March 20, 2011
With the 2010 NFL season in the books (and a lockout battle now in the courts) it's time to turn our eyes to the NFL draft, and the pre-draft evaluation process. We've already done scouting reports of the top 40 players on our board, and you can read all the details on the first Shutdown 40 here. For the second Shutdown 40, players 41-80, we have the advantage of combine performances and that much more evaluation material.
Over the next few weeks, we'll also be adding Pro Day data when relevant. But we're always going mostly on game tape; the proper evaluation formula seems to be about 80 percent tape, 20 percent Senior Bowl/combine/Pro Day. If you see what you expect in drills, you go back to the tape to confirm. If what you see in drills surprises you in a positive or negative sense, you go back to the tape to catch where the anomalies may be.
We continue the second Shutdown 40 with Pitt defensive end Jabaal Sheard. In a defensive end class of obvious bigger hybrid guys and obvious 3-4 outside pass rushers, Sheard looks to be a bit more "traditional" in build at 6-3 and 267 pounds. The Big East Defensive Player of the Year broke out as a sack artist in 2010, picking up nine quarterback takedowns, as well as 14.5 tackles for loss and four forced fumbles. He really stepped up when Greg Romeus got hurt, but the signs were there in previous years, as he amassed 10.5 tackles for loss in the 2008 and 2009 seasons.
From a character perspective, Sheard has dramatic résumé points on both sides. He helped an elderly woman escape from a burning building and received a bravery award, but he was also involved in an altercation last July in which he was charged with aggravated assault and resisting arrest. The charges were later reduced. "My mom has always been there for me, and it was the worst feeling in the world having to make that call," Sheard told The Sports Xchange of having to tell his mother what happened. "But she said to me, 'It isn't the mistake you make, it is how you respond,' and that really just became the way I viewed it I needed from that point on to make sure I worked hard to regain the respect from my teammates and coaches and let people see that wasn't the kind of person I am."
From an on-field perspective, Sheard finished his Pitt career with 142 tackles (80 solo) in 45 games. He also racked up 19.5 sacks (18 solo), 35.5 tackles for loss, 16 passes defensed, five forced fumbles, and 38 quarterback hurries. Generally speaking, I look at players with low but ascending sack totals and high pressure totals as potential breakouts in the area of quarterback disruption. Is Sheard such a player?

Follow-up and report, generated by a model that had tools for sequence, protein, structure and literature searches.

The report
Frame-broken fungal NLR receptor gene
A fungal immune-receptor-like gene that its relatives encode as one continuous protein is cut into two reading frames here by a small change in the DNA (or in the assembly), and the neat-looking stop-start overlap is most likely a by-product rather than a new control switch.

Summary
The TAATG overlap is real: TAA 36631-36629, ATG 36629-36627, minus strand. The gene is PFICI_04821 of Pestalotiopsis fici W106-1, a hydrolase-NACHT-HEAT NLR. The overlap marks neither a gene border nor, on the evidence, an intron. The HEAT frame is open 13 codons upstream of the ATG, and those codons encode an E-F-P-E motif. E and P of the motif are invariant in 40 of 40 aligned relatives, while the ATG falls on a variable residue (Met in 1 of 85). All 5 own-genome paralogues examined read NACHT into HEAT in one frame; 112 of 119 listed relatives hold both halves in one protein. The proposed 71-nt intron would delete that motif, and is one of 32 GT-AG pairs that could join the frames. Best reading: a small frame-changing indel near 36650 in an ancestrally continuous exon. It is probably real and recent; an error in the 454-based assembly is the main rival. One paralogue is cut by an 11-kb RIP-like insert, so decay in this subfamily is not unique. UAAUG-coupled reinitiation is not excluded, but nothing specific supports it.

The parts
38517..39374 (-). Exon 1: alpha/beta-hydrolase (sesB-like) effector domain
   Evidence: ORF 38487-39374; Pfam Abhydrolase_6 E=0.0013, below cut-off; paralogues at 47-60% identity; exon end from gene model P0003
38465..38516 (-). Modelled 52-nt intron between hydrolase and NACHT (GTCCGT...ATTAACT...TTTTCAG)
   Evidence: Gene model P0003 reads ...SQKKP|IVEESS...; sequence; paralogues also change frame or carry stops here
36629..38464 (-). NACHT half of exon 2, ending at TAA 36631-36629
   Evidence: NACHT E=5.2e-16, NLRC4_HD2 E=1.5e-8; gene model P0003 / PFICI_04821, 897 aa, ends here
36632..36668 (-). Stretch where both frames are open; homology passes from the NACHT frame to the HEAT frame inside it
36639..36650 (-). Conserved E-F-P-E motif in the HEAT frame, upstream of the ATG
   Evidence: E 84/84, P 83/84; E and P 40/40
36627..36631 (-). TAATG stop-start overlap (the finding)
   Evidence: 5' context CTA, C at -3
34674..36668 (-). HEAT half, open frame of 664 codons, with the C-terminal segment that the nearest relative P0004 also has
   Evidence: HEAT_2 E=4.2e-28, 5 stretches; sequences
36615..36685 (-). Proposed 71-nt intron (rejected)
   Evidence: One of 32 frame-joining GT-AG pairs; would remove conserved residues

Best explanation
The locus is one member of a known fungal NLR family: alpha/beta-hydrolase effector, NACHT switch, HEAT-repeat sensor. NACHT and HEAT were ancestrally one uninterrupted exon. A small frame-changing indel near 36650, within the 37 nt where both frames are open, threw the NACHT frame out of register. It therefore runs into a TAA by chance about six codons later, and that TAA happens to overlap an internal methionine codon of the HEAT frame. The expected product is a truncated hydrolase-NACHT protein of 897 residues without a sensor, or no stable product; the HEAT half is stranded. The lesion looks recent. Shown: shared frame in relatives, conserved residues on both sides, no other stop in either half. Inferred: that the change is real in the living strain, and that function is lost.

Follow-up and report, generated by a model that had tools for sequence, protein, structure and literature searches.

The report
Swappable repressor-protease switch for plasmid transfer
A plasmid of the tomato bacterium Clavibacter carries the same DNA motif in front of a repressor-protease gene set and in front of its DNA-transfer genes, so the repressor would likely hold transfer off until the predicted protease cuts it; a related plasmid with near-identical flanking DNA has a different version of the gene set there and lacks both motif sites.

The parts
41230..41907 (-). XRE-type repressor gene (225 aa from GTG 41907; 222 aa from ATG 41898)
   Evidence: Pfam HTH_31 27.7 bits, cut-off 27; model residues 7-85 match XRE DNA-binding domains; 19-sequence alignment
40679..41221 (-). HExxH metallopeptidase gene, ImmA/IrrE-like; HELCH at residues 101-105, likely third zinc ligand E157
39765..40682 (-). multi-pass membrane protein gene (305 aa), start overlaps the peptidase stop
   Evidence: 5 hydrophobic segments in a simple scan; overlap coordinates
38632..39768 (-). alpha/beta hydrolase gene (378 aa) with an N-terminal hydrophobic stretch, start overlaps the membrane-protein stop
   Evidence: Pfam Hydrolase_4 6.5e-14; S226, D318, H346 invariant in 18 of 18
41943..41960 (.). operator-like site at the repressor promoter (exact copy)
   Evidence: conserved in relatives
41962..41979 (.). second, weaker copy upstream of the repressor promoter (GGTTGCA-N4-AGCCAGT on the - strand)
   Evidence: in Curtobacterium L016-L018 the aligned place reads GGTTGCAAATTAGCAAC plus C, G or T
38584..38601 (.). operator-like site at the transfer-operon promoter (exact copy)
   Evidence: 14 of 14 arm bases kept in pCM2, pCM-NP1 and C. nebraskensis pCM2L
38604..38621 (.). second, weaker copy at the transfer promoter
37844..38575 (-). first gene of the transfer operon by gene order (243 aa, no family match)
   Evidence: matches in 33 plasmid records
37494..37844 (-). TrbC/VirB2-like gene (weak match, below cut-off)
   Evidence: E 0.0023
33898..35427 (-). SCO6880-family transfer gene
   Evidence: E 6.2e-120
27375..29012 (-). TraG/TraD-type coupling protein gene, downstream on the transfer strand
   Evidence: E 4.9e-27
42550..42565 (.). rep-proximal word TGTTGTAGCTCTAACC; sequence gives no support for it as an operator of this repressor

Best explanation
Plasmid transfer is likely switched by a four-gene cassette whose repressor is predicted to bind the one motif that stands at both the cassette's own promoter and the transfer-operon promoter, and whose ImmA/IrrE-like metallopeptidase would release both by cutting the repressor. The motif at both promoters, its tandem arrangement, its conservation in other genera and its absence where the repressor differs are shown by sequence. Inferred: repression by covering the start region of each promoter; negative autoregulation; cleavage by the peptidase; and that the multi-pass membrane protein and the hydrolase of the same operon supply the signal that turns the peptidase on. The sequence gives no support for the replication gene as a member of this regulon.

Pros: Sheard has impressive speed in every direction — he's obviously quick around the edge in pass rush situations, but what makes him a complete end is his lateral agility and ability to back off into coverage and to catch up to downfield runners. Especially quick after he turns past the tackle and is closing in on the ballcarrier. Uses well-developed inside-out and outside-in moves at the line to gain the edge at the start of the play. Closes in well out of a wide set and doesn't take too long getting around the edge; there isn't a lot of wasted motion in his game. Has a decent rip move to help him disrupt, though he could be more consistent with this. Determined player who plays from snap to whistle, even when he's originally boxed out by a block.
Cons: As with most fast ends, Sheard's all-systems-go approach can lead to his getting blocked out of plays as opponents can use his momentum against him. This is true in side-to-side movement as it is when he tries to get around a tackle fanning out in pass pro — he can be easily handled out of the play if he doesn't get the inside advantage once he's in the backfield. Doesn't always bring optimal functional strength to the play; there are times when he gets bulled out when you'd expect more from a guy with his build.
Conclusion: Sheard undoubtedly got a lot of questions at the combine and in any interviews with teams about the July 2010 incident, but the word seems to be that it was an isolated incident in the life of a good guy. The concerns on the field center more around Sheard's root strength — if he can match it to his speed and intensity, he could be a dominant all-purpose defender just as adept at run-stopping as he is when he's chasing down a quarterback. Early on in his NFL career, Sheard may get shut out at the next level, and the extent to which he finds that to be a learning experience will decide how well he does.
More Second Shutdown 40
#41 — Justin Houston, OLB, Georgia | #42 — Muhammad Wilkerson, DT/DE, Temple | #43 — Aaron Williams, DB, Texas | #44 — Ryan Williams, RB, Virginia Tech | #45 — Rahim Moore, FS, UCLA | #46 — Martez Wilson, ILB, Illinois | #47 — D.J. Williams, TE, Arkansas | #48 -- Marvin Austin, DT, North Carolina | #49 — Jerrel Jernigan, WR, Troy
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